Consumers Embrace Essentials
November 27, 2006,
Dragged down largely by falling gas prices, otherwise a plus for the U.S. economy, and with consumers focusing on the basics and turning their backs on luxuries, October retail sales slipped by 0.2% from month-before levels to $363.7 billion.
But even as prices at the pump came down, consumers stuck largely to staples. The two biggest gainers during the month were health and personal care stores, where sales jumped up by 1.3%, and grocery stores, improving by 1.0%. Cars came out ahead, sales up by 0.6%, and clothing stores improved their business by a slight 0.1%. Otherwise consumers presumably tried to assuage their worries about a weak job market and an even softer housing market, pushing sales in restaurants and bars up 0.3%, the only non-staple channel to record an increase in sales during the month.
Other than gas stations, the biggest decliners were the department-store channel, and furniture and home furnishings stores, both down by 0.7%. Nicked by the weak housing market, sales of building materials and garden supplies dipped by 0.3%. Sales at sporting goods, books and music retailers fell by 0.2%, possibly hurt in part by price-slashing at Tower Records as it prepares to shut its doors. Non-store retailers recorded a 0.1% dip, and sales in electronics stores were flat. HTT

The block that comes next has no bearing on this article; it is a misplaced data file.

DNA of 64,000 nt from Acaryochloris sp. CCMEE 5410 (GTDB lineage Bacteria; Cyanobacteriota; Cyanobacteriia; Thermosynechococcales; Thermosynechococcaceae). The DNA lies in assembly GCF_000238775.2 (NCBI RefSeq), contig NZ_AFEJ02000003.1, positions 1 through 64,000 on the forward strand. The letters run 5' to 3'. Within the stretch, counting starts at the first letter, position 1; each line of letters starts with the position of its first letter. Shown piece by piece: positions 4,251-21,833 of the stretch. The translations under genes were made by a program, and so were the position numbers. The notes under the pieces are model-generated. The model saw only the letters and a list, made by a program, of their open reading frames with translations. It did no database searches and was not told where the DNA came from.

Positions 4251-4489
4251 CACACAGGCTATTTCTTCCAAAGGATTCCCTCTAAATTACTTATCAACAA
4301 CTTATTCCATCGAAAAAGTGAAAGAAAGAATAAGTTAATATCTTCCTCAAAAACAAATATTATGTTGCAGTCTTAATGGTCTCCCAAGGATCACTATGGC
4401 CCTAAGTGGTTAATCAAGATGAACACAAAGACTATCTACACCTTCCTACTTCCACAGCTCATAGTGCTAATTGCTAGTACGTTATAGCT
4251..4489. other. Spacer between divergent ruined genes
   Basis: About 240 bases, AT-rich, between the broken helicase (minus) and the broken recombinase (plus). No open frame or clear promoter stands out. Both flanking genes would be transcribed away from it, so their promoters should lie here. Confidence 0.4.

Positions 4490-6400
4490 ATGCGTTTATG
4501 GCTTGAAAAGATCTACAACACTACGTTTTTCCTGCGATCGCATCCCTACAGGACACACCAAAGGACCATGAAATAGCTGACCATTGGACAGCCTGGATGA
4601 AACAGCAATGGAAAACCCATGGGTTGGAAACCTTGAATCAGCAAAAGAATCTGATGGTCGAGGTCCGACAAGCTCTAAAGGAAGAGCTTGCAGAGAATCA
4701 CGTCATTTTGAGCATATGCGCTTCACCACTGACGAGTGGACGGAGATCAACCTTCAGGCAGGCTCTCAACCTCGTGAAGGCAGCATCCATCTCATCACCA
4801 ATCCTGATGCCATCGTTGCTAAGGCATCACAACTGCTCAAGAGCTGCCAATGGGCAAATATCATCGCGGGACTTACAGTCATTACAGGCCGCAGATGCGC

RETAIL SALES IN OCTOBER
|Source: U.S. Department of Commerce
|Health & personal care||1.3%|
|Restaurants & bars||0.3|
|Clothing & accessories||0.1|
|Furniture & home furn. stores||-0.7|
|Bldg. mat./garden supplies||-0.3|
|Sport. goods, books, music||-0.2|
|Electronics & appliances||0.0|